Moderating what professor information students can and cannot look up is an impossible standard to uphold.
Let me put my on my old-man cap for a minute and yearn for the way things used to be. If you ask me, we have access to entirely too much information nowadays. You can play a thousand faux-inspirational IBM commercials, talk all you want about how great smartphones are, and social media, Google and all the rest, but it’s not going to change my tired old mind about one precept: that this sea of knowledge at our fingertips only makes us more miserable and leads to a host of annoying ethical dilemmas. I would give it all back just so we don’t have to be faced with the choice of whether to access the personal information of our professors.
Who’s being facetious, me? Okay, fine, you got me, I’m not that much of a Luddite. In the grand scheme of things, this is such a non-issue compared to all the benefits that technology has wrought in the 21st century, that it’s hardly even worthy of discussion. Of course, you should be able to look up your professors on Facebook and check out their favorite sports, TV shows and — gasp! — political views. That’s just the way things are in our modern, interconnected world.
There was a time when such details of a person’s private life were just that — private. Even after you went through that middle-school realization that your teachers were human beings who existed outside of the classroom, there was little difference in what you actually knew about them.
After all, if they kept to themselves and conducted their personal affairs in a non-public setting, you wouldn’t be any the wiser as to what went on behind closed doors. I suppose you could have spied on your teachers if you really wanted, but just as a general rule, following a person around the mall or hanging from the branches of a tree with a pair of binoculars is pretty bad form. That is what we call “invasion of privacy,” and crazily enough, it’s a concept that still holds up today. But you know what’s not invading somebody else’s privacy? Looking at their social media presence.
Over the past several years we’ve heard several stories of teachers getting in trouble or even losing their jobs over controversial statements they have made on Facebook or Twitter. Whether these punishments had merit is a question that we cannot answer with a sweeping generalization, as it requires looking at what was said on a case-by-case basis. But what we can establish is that, to some degree, all these teachers were hoisted by their own petard. It did not require the work of a private detective to unearth lurid details from their past; all it took was a quick glance at a publicly accessible status or tweet. That’s the whole point of social media: you’re putting something out there so that others can view it.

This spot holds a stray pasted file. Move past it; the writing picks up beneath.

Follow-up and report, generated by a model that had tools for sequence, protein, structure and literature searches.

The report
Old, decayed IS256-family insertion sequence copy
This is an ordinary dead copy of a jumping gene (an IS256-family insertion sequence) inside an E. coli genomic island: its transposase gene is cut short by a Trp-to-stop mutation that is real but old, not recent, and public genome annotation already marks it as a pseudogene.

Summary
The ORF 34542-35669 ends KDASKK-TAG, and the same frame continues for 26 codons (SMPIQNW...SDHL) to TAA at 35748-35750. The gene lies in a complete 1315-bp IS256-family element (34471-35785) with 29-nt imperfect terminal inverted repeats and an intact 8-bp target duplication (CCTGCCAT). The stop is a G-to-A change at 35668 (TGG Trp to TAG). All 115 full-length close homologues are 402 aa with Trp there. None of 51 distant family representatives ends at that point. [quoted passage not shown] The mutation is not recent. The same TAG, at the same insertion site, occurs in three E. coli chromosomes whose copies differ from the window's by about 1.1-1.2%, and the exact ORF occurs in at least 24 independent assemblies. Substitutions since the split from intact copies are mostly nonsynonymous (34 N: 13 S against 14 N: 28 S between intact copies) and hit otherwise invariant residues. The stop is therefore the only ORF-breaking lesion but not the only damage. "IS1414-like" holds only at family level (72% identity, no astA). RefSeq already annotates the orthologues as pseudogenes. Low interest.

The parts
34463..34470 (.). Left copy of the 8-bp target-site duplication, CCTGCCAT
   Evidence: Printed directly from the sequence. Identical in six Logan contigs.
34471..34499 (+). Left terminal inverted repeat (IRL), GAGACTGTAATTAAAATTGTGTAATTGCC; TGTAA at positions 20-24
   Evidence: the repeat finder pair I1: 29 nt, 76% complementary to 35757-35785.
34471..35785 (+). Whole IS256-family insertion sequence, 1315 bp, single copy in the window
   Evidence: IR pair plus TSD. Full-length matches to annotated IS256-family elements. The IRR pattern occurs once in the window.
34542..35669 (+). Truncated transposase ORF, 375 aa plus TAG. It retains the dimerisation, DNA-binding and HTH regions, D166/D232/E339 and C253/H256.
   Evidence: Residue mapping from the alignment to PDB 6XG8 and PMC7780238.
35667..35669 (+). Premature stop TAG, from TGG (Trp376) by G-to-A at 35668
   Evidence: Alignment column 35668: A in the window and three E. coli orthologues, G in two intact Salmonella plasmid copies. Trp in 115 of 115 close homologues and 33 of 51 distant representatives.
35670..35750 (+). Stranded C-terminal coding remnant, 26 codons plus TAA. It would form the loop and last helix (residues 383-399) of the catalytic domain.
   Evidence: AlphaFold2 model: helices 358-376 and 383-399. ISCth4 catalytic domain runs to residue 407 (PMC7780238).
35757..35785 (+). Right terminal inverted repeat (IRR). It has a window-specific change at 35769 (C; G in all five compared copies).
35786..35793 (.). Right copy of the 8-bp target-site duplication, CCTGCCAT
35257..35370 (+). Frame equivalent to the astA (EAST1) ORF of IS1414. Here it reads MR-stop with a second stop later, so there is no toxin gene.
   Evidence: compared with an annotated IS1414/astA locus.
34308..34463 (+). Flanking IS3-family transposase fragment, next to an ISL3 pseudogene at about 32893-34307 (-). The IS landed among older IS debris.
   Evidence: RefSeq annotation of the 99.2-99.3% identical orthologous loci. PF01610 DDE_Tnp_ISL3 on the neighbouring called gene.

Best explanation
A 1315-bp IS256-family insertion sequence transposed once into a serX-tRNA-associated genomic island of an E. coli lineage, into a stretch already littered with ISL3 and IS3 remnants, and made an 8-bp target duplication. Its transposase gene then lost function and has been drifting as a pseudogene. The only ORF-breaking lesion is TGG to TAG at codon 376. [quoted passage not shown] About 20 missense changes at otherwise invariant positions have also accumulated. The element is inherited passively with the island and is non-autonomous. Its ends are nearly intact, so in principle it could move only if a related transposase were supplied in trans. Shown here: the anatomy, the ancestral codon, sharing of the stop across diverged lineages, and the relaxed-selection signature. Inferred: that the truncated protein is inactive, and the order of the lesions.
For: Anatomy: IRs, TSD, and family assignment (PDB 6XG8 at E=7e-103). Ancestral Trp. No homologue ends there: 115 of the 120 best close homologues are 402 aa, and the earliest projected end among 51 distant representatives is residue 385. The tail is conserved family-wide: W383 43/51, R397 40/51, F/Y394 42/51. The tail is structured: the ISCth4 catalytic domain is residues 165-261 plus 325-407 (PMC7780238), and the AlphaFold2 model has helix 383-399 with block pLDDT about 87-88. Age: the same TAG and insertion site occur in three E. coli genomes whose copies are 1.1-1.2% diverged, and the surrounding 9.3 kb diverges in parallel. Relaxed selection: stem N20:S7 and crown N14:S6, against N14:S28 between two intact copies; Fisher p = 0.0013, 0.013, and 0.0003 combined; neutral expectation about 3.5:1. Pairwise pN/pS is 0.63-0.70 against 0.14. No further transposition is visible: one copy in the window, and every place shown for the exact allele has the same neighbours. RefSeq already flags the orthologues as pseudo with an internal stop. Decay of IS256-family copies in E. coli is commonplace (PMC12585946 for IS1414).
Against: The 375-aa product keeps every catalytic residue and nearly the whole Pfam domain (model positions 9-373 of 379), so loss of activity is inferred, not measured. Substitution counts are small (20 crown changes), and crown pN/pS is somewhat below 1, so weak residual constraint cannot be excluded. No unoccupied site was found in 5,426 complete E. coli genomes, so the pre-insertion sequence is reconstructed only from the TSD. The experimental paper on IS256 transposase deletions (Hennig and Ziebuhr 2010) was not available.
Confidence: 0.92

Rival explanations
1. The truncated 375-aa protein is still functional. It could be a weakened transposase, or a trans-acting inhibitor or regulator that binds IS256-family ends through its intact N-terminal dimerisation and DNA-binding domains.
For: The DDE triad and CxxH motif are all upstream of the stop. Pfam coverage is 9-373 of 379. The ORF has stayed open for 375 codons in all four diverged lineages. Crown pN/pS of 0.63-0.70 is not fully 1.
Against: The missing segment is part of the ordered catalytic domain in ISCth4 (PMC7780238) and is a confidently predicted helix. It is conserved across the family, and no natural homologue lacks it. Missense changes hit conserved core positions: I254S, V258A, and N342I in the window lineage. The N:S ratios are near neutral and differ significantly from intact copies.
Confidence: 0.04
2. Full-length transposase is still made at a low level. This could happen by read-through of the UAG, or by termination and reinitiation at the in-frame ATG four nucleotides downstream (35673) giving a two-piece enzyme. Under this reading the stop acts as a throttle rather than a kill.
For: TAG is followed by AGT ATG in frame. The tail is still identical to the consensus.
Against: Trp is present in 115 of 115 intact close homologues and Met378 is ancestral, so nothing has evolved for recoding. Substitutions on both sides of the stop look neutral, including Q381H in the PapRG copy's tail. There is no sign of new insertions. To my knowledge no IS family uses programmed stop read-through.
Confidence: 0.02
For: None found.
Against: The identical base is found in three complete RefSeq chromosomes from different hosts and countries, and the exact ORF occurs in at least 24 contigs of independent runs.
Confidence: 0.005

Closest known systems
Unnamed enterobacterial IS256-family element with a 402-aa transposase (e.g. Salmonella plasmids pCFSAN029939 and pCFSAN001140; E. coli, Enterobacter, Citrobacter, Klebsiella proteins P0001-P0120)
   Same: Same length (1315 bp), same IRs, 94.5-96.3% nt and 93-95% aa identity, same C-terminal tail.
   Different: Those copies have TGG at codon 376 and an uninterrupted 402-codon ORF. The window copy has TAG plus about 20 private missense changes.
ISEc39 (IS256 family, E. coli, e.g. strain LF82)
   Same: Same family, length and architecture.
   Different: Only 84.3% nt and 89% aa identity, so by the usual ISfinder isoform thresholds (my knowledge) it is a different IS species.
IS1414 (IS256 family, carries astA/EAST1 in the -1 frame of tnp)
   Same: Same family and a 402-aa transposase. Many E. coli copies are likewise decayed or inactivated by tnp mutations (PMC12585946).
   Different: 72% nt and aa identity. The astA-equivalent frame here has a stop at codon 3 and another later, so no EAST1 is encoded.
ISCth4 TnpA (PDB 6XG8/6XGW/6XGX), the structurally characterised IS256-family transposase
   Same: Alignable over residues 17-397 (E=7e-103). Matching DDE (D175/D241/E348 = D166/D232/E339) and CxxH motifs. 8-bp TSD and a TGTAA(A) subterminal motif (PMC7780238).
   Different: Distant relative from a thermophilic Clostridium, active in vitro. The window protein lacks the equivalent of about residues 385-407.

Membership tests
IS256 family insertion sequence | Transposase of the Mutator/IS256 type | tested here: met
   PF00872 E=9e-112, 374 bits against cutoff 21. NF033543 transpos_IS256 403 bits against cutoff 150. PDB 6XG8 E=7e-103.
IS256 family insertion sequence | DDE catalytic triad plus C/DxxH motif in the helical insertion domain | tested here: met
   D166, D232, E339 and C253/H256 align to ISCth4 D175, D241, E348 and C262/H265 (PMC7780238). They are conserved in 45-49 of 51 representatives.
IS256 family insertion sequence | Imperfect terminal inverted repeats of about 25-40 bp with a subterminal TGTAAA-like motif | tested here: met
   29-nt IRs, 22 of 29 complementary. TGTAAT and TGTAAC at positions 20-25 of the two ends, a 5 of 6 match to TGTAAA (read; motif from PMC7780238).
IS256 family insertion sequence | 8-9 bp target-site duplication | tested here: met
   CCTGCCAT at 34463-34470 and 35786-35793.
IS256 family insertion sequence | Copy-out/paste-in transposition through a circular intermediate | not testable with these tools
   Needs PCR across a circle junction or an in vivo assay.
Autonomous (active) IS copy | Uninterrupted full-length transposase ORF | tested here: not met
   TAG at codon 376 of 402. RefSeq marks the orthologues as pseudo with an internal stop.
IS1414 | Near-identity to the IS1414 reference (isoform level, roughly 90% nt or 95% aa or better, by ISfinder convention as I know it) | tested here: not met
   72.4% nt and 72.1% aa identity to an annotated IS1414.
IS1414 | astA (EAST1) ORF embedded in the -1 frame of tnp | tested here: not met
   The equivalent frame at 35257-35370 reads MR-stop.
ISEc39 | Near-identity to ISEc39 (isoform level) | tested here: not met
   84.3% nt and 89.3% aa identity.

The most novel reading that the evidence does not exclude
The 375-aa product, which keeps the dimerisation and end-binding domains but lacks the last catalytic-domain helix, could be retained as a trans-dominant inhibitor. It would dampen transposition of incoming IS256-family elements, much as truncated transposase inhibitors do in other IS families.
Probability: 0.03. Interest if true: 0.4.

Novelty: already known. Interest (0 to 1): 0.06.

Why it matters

It’s true that we’ve all posted things that we might not want everyone to see. That picture of you in scantily-clad party attire might offend your grandmother, and your like of a pro-choice group would probably disappoint your pastor. Too bad! If you are willing to broadcast something on social media, you must be prepared for others to see and potentially judge you for it. All rights to privacy have been waived.
What’s the alternative here? Bar students from looking up their professors online? Putting aside the implausibility of such a measure being effective, it would be a terribly repressive and counterproductive one to implement. Not only would it be an imposition on students’ freedom, it would be giving educators free reign to say and do whatever they please, a license to act without fear of consequences. I can complain about the pitfalls of the information age all I want, but even I have to admit that it has a way of keeping us all accountable.
Of course, it must be noted that my last point could be taken to an extreme where it would then reek with fascistic undertones. Even as we hold people accountable for their actions, we must be cautious in adjudicating what is worthy of punishment, and what simply constitutes a diversity of opinion. This goes back to my earlier point of examining these cases in context, but we should make sure never to punish an individual simply for having an unpopular opinion (even if it is related to a contentious topic like religion or politics) that they express over social media.
The potential for finding out this type of personal information about your professors is always there if you choose to look into their private lives, and is representative of the balance and caution one must apply when doing so. By all means make use of the public record that is social media, just don’t go in thinking you are going to like everything you are going to see.